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Fae Farm's Fantasy Elements Are Woven Beautifully With Its Laid-Back Farming Sim

Joseph Bradford Updated: Posted:
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Fae Farm aims to be a cozy farming sim in a world full of fantasy flair. The second outing by developer Phoenix Labs, the team is building a multiplayer sim that lets up to four players farm, explore and quest in a laid-back world.

In a preview earlier this month, Fae Farm's game director Isaac Epp and Phoenix Labs' Director of PR Bob Colayco took us through a vertical slice of the upcoming multiplayer farm sim, giving us a glimpse at some early gameplay.

The world of Fae Farm looks a lot like many of the cozy farming and town building sims we've seen crop up over the years, from Stardew Valley to Animal Crossing New Horizons. It's a top-down, isometric sim that lets up to four players build a farm, complete quests and explore the world of Azoria. Players will work together to build up their own homesteads, work with the villagers in the town they are in, as well as explore Azoria's dungeons to gain more power, if that is how you decide to play.

According to Epp, you can play however you want, whether it be with three other friends or just some "calm time on your own."

The demo started with the team showing off some of the basic farming and harvesting activities, where you'll plant crops, cultivate them, and harvest them, or just grab some lumber for your next project. Thankfully, one of my biggest issues with Stardew or Animal Crossing is handled here in Fae Farm: No tool switching.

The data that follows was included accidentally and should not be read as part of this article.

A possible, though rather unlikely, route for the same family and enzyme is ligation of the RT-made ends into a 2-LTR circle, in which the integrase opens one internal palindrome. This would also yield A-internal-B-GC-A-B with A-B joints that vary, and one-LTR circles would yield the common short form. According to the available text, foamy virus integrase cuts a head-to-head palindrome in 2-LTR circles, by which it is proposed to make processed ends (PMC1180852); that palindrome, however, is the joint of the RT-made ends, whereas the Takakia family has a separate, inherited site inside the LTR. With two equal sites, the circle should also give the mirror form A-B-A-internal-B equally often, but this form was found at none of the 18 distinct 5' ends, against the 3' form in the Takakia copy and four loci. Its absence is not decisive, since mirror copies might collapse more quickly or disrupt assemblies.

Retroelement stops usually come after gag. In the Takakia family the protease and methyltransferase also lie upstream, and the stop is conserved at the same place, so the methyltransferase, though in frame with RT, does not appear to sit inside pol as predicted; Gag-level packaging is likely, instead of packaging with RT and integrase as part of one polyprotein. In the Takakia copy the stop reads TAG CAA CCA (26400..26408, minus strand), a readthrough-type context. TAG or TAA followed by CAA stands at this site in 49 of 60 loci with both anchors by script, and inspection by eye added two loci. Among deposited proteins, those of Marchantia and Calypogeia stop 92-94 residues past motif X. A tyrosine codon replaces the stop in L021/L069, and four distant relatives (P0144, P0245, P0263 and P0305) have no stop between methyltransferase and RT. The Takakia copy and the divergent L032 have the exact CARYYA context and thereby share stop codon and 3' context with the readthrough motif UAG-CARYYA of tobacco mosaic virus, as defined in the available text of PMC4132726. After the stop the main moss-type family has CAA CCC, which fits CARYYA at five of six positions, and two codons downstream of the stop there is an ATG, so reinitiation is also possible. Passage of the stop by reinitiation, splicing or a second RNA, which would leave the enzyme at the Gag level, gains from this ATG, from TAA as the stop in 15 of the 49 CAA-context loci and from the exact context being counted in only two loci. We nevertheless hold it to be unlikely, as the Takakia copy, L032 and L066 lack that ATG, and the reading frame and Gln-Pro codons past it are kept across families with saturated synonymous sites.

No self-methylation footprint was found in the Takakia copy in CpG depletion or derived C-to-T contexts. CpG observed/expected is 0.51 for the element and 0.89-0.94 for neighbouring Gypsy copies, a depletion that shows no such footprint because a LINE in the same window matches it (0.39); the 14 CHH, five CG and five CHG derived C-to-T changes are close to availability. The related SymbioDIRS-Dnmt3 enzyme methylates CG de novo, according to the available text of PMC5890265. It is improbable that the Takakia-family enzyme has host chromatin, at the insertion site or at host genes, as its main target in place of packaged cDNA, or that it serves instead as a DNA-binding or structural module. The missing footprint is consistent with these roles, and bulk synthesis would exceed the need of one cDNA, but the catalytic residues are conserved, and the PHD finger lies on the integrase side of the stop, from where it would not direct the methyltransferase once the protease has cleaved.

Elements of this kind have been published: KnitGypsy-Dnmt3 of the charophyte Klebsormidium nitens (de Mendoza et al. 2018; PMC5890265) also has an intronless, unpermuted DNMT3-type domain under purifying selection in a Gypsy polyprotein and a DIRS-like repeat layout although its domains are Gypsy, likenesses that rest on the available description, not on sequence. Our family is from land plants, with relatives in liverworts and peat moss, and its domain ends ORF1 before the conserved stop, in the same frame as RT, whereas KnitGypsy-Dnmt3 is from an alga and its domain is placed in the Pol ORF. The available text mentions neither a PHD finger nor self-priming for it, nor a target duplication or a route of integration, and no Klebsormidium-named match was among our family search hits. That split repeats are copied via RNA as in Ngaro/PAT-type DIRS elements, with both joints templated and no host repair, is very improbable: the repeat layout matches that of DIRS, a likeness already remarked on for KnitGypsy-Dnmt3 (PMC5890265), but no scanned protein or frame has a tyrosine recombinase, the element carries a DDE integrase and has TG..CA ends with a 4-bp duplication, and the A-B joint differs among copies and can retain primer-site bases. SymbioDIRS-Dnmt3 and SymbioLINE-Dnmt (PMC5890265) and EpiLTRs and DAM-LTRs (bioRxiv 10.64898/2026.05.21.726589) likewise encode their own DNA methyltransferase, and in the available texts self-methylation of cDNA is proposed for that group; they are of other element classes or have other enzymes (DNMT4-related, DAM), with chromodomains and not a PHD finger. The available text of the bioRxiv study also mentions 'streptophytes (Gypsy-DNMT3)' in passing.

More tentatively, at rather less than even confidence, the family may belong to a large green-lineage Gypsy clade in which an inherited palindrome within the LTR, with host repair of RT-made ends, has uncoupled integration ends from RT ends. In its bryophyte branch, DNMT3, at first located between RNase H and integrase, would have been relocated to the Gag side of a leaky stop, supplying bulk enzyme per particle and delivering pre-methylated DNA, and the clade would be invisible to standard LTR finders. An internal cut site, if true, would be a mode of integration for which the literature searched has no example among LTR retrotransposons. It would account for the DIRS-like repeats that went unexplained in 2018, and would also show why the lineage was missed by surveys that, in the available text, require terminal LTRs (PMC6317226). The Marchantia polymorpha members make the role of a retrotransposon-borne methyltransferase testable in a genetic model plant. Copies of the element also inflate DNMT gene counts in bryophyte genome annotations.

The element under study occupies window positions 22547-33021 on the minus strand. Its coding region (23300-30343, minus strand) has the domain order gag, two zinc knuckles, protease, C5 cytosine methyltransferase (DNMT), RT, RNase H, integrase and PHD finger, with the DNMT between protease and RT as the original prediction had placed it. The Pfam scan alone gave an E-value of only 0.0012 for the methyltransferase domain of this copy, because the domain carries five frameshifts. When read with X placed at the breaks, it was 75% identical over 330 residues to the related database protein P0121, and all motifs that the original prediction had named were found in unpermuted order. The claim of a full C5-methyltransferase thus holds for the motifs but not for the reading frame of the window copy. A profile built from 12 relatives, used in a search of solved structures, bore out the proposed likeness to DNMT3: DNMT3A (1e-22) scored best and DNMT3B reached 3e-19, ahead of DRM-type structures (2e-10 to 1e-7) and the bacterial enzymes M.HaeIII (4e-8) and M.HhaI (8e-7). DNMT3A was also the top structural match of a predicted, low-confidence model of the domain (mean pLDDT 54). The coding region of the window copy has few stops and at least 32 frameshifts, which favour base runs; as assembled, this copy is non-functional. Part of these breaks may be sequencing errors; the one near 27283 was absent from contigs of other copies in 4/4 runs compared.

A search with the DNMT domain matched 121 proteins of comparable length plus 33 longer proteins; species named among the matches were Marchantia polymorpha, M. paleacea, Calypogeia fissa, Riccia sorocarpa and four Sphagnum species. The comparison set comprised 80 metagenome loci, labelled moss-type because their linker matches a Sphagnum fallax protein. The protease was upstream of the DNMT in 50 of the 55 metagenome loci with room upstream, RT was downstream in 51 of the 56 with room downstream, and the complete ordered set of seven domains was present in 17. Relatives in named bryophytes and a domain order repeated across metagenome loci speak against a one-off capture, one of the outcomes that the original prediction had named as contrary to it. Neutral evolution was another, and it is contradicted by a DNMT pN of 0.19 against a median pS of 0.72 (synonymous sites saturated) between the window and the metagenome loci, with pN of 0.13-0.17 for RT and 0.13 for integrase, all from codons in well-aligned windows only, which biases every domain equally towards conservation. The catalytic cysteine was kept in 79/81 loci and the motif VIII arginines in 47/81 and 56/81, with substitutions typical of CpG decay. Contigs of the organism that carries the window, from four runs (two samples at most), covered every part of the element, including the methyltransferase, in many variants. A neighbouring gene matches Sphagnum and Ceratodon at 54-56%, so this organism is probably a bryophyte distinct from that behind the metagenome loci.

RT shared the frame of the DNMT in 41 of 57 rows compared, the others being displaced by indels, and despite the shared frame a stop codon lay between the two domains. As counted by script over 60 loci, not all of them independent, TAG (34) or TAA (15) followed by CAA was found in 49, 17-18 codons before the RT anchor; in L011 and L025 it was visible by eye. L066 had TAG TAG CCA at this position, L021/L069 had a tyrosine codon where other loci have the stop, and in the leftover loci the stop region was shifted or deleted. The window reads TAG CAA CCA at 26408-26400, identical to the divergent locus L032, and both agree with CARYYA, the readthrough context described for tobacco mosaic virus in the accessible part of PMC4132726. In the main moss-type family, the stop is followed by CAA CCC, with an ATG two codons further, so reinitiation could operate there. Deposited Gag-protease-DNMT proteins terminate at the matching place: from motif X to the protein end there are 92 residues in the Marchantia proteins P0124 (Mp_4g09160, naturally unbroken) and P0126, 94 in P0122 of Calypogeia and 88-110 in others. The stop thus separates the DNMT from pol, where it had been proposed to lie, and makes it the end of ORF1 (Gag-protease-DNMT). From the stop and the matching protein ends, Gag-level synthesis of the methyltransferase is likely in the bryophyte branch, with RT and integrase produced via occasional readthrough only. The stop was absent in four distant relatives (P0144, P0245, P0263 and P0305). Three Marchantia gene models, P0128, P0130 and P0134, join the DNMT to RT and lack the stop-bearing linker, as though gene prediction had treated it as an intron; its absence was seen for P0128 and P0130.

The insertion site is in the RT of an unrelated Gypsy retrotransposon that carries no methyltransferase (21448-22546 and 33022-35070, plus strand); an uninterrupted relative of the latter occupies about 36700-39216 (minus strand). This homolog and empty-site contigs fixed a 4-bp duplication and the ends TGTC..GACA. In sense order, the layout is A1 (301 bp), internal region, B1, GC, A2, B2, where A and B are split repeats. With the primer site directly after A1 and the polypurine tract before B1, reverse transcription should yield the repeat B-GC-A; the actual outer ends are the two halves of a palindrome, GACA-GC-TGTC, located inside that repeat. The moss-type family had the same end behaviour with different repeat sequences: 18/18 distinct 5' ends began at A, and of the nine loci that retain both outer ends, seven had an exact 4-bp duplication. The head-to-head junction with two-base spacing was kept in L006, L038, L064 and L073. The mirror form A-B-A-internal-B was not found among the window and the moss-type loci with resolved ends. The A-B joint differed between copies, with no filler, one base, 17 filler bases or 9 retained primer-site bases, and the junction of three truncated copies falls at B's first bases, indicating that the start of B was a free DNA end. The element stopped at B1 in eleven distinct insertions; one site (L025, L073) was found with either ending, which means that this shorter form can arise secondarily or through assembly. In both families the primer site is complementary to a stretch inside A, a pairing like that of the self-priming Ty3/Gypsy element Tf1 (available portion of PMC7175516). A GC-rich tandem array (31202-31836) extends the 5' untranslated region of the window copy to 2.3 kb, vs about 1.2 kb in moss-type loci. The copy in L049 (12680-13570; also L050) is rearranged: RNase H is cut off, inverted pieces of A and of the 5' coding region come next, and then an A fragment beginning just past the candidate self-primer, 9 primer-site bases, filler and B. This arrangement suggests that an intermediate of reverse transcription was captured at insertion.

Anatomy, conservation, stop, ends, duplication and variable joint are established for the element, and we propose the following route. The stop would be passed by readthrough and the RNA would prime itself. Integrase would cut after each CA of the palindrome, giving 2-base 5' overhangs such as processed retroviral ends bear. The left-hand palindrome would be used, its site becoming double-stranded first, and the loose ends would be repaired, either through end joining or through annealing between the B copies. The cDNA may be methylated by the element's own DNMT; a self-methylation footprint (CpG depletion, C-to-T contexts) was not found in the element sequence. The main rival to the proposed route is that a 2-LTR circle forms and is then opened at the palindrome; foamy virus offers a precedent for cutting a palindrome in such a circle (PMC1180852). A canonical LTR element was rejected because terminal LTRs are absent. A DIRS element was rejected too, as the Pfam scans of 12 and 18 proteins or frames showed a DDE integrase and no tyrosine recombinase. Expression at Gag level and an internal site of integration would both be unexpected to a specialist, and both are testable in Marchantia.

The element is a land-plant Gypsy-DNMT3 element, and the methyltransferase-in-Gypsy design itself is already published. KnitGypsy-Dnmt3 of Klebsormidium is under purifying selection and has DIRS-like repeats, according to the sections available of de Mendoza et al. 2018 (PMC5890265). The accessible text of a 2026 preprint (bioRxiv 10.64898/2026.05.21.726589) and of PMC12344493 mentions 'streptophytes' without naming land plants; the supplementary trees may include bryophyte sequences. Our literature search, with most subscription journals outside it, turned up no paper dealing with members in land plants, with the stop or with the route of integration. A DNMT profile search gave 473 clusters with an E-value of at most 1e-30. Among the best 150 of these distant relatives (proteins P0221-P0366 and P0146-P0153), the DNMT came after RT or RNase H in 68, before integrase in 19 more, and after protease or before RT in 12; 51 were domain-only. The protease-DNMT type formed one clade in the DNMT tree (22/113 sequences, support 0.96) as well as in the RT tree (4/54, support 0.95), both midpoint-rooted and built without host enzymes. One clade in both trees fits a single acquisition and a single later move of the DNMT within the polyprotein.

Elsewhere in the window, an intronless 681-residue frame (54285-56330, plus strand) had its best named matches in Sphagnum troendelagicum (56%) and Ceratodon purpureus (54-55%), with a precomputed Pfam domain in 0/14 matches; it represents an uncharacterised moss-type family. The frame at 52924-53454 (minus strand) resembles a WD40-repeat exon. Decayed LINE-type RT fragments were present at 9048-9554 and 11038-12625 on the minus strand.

Fae Farm Farming

Instead of needing to fumble around in your bag for the proper tool you'll need, whether it's watering your crops or harvesting stone, or even fishing. You'll just have the right tool for the job when you're next to the resource you're working with. It's a nice, and very welcome touch indeed if it works as advertised.

The demo showed off a market square, where you can sell items by propping them up on the market table in the center to be sold the next day. 

However the world of Fae Farm isn't just that initial homestead and town it's part of, rather you can also later on in the title travel to what the team calls the "Fae Realm," complete with ethereal tendrils and mists rising from the ground, a purple-heavy color scheme, and lets you eventually learn the magic system in the game.

Fae Farm Fae Realm Fishing

The Wand itself is an incredibly important item in Fae Farm, where it's used in combat to sling spells, but also used when working on your homestead. The Wand lets you, for example, summon a water splash that waters up to 9 crops at a time, making workloads when homesteading much swifter, or a Mega Slam to mine more quickly. Also acquired were the Fairy Wings, which allow players to double jump in the game world, giving some extra verticality to your exploration (and it also just looks fun).

While Fae Farm is billed as a cozy farming sim, this doesn't mean there isn't any action either. Dungeons in Fae Farm house some of the rare materials you'll need to build up your homestead, as well as learn more skills (such as the aforementioned Mega Slam).